“It’s really inspiring to us all that while he is in ill health, he has an undying spirit to do the work that he has been doing for years,” Jokowi said.

The story was first published on BenarNews 

Families of ill-fated Lion Air victims still hope for miracle as DNA tests underway

Toni Priyono Adhi still keeps alive his hopes that his daughter Puspita Eka Putri will pick up her phone and answer his calls, although deep down he knows that it is very unlikely.

Putri, who celebrated her 24th birthday in Oct 26, was one of the 189 people on board the Lion Air JT610 flight from Jakarta bound for Pangkal Pinang in Bangka Island which crashed Monday morning into the sea off Karawang in West Java, about 75 kilometers from Jakarta.

“I just keep praying for a miracle. We keep trying to call her and call out her name in case she replies,” Adhi told journalists at the police hospital in East Jakarta where body parts plucked from the crash site were taken and families of the victims are submitting ante mortem data for identification.

Adhi said it was Putri’s first business trip with a beauty products company, that she joined for a month. Her mother, who identified herself as Nuke, said it was Putri’s first flight by herself.

“We always took flights together. I always picked her up in her campus when she was in college. My daughter, she was really beautiful. God had entrusted her to me,” said a visibily shaken Nuke as she held up her daugther’s picture and kissed it.

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Nuke showed the photo of her daughter, Puspita Eka Putri at the police hospital in East Jakarta where she and her husband submitted ante mortem data for Putri’s identification on Tuesday, Oct. 30, 2018. (Photo: The Parrot/Ismira Lutfia Tisnadibrata)

Imbalo Sakti remembers her brother-in-law, Capt. Musa Effendi as a kind-hearted man whom the family members looked up to.

Sakti said that Effendi, who worked as a portmaster in Muntok port on the western part of Bangka Island, was on his way for a meeting in Pangkal Pinang.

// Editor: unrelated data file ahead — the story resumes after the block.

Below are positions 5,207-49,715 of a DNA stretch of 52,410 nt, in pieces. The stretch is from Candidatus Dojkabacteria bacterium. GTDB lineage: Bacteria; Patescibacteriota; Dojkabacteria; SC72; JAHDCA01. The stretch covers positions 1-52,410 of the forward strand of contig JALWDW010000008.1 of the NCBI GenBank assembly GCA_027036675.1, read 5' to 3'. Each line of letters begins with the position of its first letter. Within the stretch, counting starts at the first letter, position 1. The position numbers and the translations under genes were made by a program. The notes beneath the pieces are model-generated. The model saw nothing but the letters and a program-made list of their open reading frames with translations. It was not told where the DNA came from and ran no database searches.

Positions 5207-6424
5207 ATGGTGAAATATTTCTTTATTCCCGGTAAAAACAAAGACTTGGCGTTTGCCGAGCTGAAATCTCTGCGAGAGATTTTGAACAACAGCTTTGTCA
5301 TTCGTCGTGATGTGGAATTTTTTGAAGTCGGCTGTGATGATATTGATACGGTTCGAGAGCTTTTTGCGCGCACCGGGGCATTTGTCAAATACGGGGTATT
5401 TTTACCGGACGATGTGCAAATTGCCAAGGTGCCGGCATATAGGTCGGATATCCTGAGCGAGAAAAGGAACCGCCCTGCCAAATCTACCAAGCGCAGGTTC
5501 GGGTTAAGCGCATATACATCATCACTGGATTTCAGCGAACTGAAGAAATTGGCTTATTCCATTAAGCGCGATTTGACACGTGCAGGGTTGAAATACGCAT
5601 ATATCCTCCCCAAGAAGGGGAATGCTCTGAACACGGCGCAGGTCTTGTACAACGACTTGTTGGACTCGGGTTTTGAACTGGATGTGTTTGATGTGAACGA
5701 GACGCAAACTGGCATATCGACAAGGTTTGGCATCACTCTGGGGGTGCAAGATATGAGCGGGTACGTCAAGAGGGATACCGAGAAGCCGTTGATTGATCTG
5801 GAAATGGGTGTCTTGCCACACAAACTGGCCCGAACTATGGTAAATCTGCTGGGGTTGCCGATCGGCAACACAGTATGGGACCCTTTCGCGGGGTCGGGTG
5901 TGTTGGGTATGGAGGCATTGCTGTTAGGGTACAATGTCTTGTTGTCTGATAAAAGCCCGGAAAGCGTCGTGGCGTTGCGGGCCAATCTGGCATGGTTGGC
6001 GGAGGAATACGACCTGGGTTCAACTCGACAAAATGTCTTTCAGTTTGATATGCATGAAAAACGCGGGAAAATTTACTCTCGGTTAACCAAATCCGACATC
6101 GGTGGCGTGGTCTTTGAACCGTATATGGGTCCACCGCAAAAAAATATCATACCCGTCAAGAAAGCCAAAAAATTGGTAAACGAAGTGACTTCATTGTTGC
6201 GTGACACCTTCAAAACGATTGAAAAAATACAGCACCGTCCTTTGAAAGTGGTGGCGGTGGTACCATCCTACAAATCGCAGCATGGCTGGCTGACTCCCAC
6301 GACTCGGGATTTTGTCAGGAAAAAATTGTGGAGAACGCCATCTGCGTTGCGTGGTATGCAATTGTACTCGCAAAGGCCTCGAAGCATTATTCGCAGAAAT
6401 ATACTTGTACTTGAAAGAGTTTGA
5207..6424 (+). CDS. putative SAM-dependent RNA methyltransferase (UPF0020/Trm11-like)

“He had traveled from Medan, North Sumatra, where he had attended a Quran recital in his hometown to give thanks for he and his wife’s safe return from the Hajj two months ago,” Sakti said.

Since there is no direct flight from Medan to Pangkal Pinang, which are about 1,000 kilometers apart, he had to fly to Jakarta and take a connecting flight to Pangkal Pinang.

“My daddy has been posted in Bangka Island for two years. He spent the night at a transit hotel in Jakarta’s airport and took the morning flight to Pangkal Pinang,” Effendi’s daughter Dwi Ratna said.

Anugrah Satria, a frequent Lion Air flyer, said he met Alfiani Hidayatul Solikah during his flights and became friends with the 19-year-old flight attendant.

“It was her first job and it was her wish to become a flight attendant. I met her on one of her first flights as a stewardess on a flight from Jakarta to Yogyakarta,” Satria said.

“She was always nice to passengers, and smiled a lot. She never complained about her job,” Satria said.

The captain pilot of the brand new Boeing 737 MAX 8 plane, which had only 800 flying hours since its initial operation on Aug 15, was an Indian from New Delhi, Bhavye Suneja.

Media reports said he was a trainee pilot with Emirates before joining Lion Air in March 2011.

The Indian Embassy in Jakarta confirmed the pilot’s nationality in a tweet, saying that “most unfortunate that Indian Pilot Bhavye Suneja who was flying JT610 also lost his life…Embassy is in touch with Crisis Center and coordinating for all assistance.”

A number of Indonesian officials were also on board the flight, with the Finance Ministry having lost 21 officials, out of whom 12 were from the tax directorate general, who were on commuting back to their post in Pangkal Pinang.

Finance Minister Sri Mulyani visited police hospital and met with the grief-stricken families of her staff on Monday night to console them.

The ministry’s head of communications, Nufransa Wira Sakti, said in a statement that they were officials at the ministry’s Pangkal Pinang office.

“They were heading back to their work after spending the weekend to attend a ministry event on Oct 27 and to attend a coordination meeting, while also spending the weekend with their families in Jakarta,” Sakti said.

Also among the victims were three police personnel from Bangka Belitung police, three staff from the oil and gas directorate general of the Ministry of Energy and Mineral Resources, 10 staff from the State Audit Agency, six regional lawmakers of Bangka Belitung province, and four employees of the state-mining company, PT Timah.